bookmark_borderNaturalism, Theism, and Moral Ontology: A Reply to William Lane Craig

(Reposting since this seems to be so popular. So far as I am aware, neither WLC nor anyone else has responded to this.)
Abstract: This paper considers William Lane Craig’s metaethical argument for God’s existence. Roughly, the argument is that the existence of objective moral values provides strong evidence for God’s existence. I consider one by one Craig’s various reasons in support of the argument’s major premise, namely, that objective moral values and the nonexistence of God are at odds with each other. I show that Craig’s supporting arguments play fast and loose with the meaning of objectivity, and that they have no force whatsoever. I conclude that Craig’s argument does not succeed in showing that the existence of objective moral values, by itself, makes God’s existence more probable than not.
[youtube]https://www.youtube.com/watch?v=yH5B5UZvuhw[/youtube]
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bookmark_borderNaturalism, Theism, and Moral Ontology: A Reply to William Lane Craig

Abstract: This paper considers William Lane Craig’s metaethical argument for God’s existence. Roughly, the argument is that the existence of objective moral values provides strong evidence for God’s existence. I consider one by one Craig’s various reasons in support of the argument’s major premise, namely, that objective moral values and the nonexistence of God are at odds with each other. I show that Craig’s supporting arguments play fast and loose with the meaning of objectivity, and that they have no force whatsoever. I conclude that Craig’s argument does not succeed in showing that the existence of objective moral values, by itself, makes God’s existence more probable than not.
[youtube]https://www.youtube.com/watch?v=yH5B5UZvuhw[/youtube]
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bookmark_borderDo the Bee Police Enforce God’s Law? Or Are They Darwinian Nihilists? by Larry Arnhart

I want to a link to another terrific blog post by philosopher Larry Arnhart.
One worry–perhaps the worry–about basing morality on the biology of human nature is that it makes morality species-specific. Darwin himself voiced this concern in The Descent of Man:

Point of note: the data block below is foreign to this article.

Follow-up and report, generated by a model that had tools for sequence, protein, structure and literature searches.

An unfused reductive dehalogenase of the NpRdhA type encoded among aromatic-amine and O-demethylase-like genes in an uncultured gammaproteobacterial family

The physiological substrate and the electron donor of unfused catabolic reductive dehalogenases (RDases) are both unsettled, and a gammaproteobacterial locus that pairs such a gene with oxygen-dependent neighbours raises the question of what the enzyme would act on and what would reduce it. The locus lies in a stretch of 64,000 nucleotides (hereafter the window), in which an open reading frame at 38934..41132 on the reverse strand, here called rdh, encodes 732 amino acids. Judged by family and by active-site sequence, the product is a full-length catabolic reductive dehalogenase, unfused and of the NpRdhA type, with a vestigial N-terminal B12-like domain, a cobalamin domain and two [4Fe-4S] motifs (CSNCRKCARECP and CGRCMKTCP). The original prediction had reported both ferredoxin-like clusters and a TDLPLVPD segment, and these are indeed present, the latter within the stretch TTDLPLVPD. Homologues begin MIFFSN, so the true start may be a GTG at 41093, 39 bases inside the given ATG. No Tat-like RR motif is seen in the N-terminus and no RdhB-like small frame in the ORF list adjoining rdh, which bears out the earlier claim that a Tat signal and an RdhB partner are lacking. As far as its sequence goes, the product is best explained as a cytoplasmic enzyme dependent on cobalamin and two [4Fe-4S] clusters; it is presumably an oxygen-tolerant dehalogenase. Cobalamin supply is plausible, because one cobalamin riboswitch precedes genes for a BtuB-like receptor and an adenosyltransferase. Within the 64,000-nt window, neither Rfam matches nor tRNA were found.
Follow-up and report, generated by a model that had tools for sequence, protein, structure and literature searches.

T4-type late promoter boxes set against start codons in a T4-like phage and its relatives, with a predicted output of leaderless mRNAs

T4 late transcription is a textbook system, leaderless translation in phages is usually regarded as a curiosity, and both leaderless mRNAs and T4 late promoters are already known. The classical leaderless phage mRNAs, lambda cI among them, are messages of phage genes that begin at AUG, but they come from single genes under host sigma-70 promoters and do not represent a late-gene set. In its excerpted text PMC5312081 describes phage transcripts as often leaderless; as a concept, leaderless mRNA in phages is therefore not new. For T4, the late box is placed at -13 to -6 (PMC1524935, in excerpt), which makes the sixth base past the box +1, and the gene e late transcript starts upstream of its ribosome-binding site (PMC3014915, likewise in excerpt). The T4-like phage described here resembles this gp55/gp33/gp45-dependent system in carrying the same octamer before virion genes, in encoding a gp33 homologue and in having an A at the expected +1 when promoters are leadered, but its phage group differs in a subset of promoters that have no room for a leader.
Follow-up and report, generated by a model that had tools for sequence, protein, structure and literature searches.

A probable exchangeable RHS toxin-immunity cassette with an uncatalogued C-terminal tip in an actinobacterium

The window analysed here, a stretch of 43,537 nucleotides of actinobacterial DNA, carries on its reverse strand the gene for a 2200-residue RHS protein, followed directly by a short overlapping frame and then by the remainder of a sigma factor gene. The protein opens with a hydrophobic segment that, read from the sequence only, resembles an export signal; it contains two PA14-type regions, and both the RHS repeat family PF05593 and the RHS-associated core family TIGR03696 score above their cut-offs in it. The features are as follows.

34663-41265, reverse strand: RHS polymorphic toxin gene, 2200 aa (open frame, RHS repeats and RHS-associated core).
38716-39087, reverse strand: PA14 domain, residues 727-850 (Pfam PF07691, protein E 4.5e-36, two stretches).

“In the same manner as various animals have some sense of beauty, though they admire widely different objects, so they might have a sense of right and wrong, though led by it to follow widely different lines of conduct.  If, for instance, to take an extreme case, men were reared under precisely the same conditions as hive-bees, there can hardly be a doubt that our unmarried females would, like the worker-bees, think it a sacred duty to kill their brothers, and mothers would strive to kill their fertile daughters; and no one would think of interfering.  Nevertheless, the bee, or any other social animal, would gain in our supposed case, as it appears to me, some feeling of right or wrong, or a conscience” (Penguin Classics, 2004, pp. 122-23).

Arnhart’s response:

As I have said, this argument from people like Cobbe, West, and Forde assumes a Platonic expectation of a moral cosmology–that morality is somehow woven into the fabric of the cosmos as a dictate of a cosmic God, a cosmic Reason, or a cosmic Nature.

I reject this Platonic moral cosmology, because I see no reason why morality cannot rightly be understood as grounded in our evolved human nature, so that what is moral for us would not necessarily be moral for any other species that might develop a moral sense.

Contrary to Cobbe, West, and Forde, I see nothing nihilistic in admiring the bee police for their evolved system of law enforcement, and in seeing this as showing that Friedrich Nietzsche was right to view “the entire phenomenon of morality as animal.”

LINK